In Unit 6, the materials provide students opportunities to write correspondence in a professional or friendly structure. This unit includes the cover letter document, “Tim Schafer’s Cover Letter to LucasArts,” by Tim Schafer. After reading, students design a cover letter in the hopes of getting hired as an employee or intern, using the document as a model. Students “describe the graphics [they] would include,” writing in a way to garner the employer’s attention and guarantee employment.
Most written tasks within the materials require students to use clear and concise information and well-defended text-supported claims to demonstrate the knowledge gained through analysis and text synthesis. The materials provide opportunities for students to use evidence from texts to support their opinions and claims and to demonstrate in writing what they have learned through reading and listening to texts.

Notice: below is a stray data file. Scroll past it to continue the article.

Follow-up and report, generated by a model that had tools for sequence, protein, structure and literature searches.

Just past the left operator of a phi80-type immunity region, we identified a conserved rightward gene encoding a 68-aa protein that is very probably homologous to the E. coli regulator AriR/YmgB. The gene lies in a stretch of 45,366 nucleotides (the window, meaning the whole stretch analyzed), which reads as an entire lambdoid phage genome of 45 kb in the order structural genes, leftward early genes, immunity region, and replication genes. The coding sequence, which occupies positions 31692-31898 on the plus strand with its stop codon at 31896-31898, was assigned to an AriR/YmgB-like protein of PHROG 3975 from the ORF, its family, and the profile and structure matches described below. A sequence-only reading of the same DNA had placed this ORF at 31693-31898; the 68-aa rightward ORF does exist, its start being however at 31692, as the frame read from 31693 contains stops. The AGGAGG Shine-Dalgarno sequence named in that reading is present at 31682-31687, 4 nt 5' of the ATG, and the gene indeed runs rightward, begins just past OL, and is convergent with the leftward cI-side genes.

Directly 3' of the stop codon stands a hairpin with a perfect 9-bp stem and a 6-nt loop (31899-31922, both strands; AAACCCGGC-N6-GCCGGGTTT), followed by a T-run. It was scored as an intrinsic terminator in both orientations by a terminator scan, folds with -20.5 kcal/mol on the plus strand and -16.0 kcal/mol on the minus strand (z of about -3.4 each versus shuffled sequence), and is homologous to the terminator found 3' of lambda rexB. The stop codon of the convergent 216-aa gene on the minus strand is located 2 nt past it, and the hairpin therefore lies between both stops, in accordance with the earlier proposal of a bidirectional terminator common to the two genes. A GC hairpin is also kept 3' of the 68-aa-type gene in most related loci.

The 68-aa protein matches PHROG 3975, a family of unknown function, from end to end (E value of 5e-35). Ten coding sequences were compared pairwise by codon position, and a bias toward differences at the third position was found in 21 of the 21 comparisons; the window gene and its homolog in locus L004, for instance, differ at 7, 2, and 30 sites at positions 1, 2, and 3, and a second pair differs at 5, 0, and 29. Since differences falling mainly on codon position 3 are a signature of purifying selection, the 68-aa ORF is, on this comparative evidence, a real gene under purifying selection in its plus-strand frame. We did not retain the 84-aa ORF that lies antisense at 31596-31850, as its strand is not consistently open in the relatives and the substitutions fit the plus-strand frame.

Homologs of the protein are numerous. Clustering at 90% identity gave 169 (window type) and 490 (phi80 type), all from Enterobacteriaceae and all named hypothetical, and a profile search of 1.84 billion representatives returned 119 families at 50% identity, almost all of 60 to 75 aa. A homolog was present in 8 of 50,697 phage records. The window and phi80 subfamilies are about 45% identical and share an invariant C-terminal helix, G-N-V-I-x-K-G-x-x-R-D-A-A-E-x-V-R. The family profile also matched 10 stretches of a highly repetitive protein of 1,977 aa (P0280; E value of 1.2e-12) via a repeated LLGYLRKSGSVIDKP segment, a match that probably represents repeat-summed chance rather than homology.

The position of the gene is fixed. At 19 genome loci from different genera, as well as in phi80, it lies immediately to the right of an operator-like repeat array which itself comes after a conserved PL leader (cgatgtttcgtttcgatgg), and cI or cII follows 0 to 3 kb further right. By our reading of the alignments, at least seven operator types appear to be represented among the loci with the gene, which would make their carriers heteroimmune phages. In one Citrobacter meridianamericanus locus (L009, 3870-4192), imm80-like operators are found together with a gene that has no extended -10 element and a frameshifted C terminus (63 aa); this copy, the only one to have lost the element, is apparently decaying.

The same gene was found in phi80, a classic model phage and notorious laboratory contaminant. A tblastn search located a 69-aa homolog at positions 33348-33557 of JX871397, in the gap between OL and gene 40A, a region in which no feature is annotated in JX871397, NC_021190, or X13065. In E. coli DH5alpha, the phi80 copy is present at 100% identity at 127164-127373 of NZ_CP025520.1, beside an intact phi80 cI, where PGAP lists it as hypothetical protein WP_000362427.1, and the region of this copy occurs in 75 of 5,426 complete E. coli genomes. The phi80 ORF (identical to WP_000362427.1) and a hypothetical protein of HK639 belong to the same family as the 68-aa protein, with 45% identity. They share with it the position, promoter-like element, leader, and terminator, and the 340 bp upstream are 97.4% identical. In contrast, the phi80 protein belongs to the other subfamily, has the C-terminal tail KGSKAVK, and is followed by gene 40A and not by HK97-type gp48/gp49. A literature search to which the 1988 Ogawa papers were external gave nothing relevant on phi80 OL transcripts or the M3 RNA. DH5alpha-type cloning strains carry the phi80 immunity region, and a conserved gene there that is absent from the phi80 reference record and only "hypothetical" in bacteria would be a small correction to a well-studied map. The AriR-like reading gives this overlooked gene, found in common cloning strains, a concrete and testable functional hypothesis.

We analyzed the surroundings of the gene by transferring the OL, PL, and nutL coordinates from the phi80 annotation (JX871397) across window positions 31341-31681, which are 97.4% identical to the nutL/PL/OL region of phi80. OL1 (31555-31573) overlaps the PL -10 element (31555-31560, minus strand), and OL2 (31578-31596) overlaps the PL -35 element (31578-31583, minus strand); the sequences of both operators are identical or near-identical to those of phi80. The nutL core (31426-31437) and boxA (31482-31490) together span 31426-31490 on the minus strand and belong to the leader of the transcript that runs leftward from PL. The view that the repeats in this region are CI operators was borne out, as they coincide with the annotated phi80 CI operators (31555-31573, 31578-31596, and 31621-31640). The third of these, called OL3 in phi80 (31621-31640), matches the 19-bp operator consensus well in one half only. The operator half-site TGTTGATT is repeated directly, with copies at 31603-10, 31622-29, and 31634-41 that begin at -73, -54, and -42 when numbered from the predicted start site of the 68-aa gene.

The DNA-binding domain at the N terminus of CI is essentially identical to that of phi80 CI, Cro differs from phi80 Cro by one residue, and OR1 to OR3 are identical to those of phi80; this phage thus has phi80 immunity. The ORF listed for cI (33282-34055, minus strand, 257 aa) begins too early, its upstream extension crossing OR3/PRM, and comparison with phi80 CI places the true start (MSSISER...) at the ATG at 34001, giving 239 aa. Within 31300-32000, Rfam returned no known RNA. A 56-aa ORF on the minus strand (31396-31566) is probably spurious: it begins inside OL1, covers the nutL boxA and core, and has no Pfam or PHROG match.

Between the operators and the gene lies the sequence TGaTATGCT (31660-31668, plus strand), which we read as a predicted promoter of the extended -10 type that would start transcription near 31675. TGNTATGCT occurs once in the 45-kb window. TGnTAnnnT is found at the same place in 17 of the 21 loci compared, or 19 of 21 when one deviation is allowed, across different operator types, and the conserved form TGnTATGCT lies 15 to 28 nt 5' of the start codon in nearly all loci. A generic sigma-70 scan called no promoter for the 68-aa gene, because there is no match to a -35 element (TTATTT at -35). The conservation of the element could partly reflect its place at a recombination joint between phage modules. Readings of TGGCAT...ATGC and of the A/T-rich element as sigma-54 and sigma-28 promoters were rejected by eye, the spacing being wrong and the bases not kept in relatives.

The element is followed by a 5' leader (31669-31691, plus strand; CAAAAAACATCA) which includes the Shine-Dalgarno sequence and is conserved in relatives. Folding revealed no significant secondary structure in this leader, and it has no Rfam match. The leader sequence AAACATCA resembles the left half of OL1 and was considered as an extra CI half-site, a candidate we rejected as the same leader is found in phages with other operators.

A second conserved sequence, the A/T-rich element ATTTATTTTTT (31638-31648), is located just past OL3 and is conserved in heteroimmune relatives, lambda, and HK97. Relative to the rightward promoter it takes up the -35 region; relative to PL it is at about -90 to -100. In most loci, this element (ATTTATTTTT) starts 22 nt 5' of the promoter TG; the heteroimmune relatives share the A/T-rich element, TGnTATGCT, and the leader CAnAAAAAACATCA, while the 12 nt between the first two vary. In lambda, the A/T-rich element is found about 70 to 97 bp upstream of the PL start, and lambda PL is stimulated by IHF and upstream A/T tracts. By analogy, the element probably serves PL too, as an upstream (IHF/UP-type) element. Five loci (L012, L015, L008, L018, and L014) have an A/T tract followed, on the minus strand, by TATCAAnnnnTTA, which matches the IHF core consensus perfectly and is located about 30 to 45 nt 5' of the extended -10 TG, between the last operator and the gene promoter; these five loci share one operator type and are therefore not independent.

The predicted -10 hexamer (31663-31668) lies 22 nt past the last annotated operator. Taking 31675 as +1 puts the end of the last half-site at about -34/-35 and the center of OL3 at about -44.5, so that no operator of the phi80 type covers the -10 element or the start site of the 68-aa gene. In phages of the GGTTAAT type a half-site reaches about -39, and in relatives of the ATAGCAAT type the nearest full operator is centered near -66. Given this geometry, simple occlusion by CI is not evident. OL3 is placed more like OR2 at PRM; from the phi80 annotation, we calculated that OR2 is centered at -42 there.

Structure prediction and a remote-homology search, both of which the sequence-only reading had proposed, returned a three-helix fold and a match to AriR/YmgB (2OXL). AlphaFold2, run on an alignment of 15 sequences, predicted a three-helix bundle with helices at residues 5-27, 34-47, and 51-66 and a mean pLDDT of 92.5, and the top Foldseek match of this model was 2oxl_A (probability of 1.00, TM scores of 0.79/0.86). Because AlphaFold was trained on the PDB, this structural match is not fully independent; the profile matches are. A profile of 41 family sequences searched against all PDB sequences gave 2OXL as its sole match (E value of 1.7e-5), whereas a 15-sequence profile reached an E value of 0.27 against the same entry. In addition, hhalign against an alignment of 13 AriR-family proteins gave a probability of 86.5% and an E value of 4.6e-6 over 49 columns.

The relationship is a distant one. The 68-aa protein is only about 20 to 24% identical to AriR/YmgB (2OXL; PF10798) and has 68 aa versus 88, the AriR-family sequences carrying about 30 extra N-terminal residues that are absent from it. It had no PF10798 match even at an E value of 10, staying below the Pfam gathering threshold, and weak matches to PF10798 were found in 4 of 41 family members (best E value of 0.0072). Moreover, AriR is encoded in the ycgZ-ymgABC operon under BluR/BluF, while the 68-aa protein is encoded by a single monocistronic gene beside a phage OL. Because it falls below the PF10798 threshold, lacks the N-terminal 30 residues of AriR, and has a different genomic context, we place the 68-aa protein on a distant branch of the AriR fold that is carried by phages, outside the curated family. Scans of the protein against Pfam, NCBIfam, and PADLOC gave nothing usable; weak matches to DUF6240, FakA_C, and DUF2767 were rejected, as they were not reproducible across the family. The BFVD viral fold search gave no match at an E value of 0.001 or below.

Evidence Includes but is not limited to:
In Unit 1, students read an excerpt from the graphic novel The Graveyard Book by Neil Gaiman and P. Craig Russell. After the Independent Read, students ponder the title and excerpt and provide a written response to the following questions: “What kind of story did you expect to read based on the title? Why? Did your expectations change after you read the excerpt?” Students use quotations and descriptions from the excerpt to explain whether their predictions were accurate after analyzing the book title.